Gov. Brian Kemp is firing back at the mountains of misinformation about Georgia’s election system, some of which has been directed at his family.
“Quite honestly, it has gotten ridiculous,” he said. “From death threats to bribes from China, the social media posts that my children are getting. And look, we have the ‘no crying in politics’ rule in the Kemp house. But it is stuff, if I said that, I would be taken to the woodshed for and would never see the light of day.”
“I mean, this needs to stop. People need to deal with facts. And we’ll give them to them.”
“We need to have civil obedience in the state and in this country, in regards to our politics,” he said. “It is fine to fight, to disagree on policy … but we’re just not going to go down the road of enticing violence.”
Kemp has been one of the Republican officials personally targeted by President Donald Trump on Twitter in recent weeks. Trump has called Kemp a “clown” and a “fool,” and asked the governor to overturn the election, which he has no constitutional power to do.
“At the end of the day, I’ve got to follow the laws and the constitution of this state,” he said.
“No one worked harder for the president leading up to Nov. 3. I’ve respected and appreciated and tried to support him working through the legal process that any candidate can do in Georgia.”
During a Valdosta rally earlier this month, Trump went as far as suggesting Congressman Doug Collins run against Kemp in 2022.
Kemp has said he’s ready for any kind of political challenge.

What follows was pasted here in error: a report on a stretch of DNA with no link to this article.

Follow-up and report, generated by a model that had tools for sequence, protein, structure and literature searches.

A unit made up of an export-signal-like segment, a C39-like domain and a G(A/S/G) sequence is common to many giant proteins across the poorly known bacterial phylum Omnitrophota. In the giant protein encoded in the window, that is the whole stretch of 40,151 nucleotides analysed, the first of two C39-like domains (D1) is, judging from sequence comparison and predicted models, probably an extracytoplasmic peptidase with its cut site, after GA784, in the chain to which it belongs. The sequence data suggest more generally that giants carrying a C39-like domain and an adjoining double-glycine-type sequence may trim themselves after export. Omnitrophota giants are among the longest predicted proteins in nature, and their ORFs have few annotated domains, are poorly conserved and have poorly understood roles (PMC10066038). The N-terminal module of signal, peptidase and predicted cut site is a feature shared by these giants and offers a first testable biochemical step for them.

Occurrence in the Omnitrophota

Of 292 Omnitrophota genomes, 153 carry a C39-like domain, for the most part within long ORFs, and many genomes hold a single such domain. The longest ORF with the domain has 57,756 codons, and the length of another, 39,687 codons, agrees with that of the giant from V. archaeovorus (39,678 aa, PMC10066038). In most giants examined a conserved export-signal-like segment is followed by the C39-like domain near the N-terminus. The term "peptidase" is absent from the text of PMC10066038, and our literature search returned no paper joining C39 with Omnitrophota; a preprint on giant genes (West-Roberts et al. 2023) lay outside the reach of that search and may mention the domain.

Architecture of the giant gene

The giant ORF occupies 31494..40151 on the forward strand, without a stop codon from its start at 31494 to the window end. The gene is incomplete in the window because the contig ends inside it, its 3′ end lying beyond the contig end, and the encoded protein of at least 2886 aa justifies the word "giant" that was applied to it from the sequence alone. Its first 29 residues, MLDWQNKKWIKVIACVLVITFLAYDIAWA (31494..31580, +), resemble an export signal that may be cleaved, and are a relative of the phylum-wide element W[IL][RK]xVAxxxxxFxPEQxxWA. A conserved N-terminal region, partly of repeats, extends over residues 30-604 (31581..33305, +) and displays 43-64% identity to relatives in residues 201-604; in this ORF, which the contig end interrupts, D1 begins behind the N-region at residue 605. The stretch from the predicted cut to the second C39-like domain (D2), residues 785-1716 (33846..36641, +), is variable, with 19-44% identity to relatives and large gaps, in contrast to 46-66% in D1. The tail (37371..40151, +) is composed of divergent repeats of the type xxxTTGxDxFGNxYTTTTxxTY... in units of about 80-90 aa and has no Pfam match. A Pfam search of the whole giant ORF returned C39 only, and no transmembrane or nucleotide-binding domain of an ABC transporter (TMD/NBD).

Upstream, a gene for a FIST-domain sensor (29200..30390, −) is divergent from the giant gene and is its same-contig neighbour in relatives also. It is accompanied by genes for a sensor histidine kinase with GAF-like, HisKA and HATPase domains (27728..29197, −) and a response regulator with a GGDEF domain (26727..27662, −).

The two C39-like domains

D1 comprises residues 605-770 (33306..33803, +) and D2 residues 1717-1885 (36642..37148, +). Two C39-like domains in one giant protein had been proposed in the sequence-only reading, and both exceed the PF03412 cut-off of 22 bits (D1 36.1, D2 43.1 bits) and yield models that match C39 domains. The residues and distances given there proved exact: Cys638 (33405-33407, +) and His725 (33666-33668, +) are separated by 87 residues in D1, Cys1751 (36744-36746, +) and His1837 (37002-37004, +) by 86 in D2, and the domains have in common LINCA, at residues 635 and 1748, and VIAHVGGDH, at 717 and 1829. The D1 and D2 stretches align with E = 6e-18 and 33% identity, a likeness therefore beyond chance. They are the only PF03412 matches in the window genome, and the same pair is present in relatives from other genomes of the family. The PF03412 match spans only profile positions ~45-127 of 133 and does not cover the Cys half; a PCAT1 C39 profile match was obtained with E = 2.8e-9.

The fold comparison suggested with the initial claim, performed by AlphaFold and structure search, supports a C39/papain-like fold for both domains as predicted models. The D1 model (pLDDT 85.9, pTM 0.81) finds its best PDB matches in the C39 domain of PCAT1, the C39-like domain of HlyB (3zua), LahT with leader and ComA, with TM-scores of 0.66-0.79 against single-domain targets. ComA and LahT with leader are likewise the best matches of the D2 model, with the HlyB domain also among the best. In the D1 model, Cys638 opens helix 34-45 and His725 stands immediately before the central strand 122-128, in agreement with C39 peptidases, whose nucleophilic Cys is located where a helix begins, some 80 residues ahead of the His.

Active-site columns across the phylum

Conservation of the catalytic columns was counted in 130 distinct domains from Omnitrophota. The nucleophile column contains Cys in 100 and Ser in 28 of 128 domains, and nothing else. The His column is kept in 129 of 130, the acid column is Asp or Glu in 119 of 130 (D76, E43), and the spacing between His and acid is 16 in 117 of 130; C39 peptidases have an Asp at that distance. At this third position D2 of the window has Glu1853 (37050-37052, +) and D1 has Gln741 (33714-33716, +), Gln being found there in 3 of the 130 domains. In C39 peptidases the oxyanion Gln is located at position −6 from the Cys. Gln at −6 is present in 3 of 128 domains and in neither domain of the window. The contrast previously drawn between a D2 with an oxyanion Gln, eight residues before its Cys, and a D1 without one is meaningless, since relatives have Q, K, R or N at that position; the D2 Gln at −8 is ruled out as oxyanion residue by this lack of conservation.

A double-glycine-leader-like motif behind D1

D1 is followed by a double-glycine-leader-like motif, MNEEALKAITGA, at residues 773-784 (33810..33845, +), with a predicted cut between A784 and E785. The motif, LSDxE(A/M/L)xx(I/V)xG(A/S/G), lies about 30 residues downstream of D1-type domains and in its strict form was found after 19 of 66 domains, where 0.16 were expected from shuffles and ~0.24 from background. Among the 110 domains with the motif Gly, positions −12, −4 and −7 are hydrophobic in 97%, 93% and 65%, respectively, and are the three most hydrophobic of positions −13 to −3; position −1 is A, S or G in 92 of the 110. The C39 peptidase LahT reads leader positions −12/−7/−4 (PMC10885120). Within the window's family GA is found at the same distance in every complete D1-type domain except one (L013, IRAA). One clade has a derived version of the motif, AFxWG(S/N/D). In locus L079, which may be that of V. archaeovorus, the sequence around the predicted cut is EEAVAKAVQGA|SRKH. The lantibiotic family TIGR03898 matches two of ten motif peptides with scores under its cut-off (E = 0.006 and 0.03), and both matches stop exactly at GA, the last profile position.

“I’m ready for any kind of fight that anybody wants to have with: Republican primary, general election, whatever it is based on my record.”
“I’m also going to look Georgians straight in the eye and, say: Hey, look, this is what I told you I was gonna do when you elected me, and this is what I’ve been doing,” he said.
“And one of those things was placing my hand on the Bible and giving an oath before God and my fellow citizens and my family that I would follow the laws and the constitution of the state.”
In response to frustration from some pro-Trump constituents who believe Kemp hasn’t done enough to fight for the president, Kemp said: “I am. But I can only fight so much because I’ve got to follow the laws in the constitution.”
He pointed to his November call for the secretary of state to move forward with a statewide signature match audit. He has continued to remind Georgians that the governor isn’t able to intervene in state elections.
At a Cobb County Republican rally last week, Lydia Green Davidson said she plans to collect signatures to get Kemp impeached.
“I’m disgusted,” said the retired teacher and 2018 Kemp voter. “He won’t be reelected. He’ll be lucky if he stays in office because he’s going to be impeached.”
Kemp responded to his frustrated constituents.
“If they want to impeach me, they can figure out how to do that through the laws of the constitution. It wouldn’t be the first time …someone tried to impeach me when I was secretary of state because they didn’t like what I was doing. But I am following the laws and the constitution.”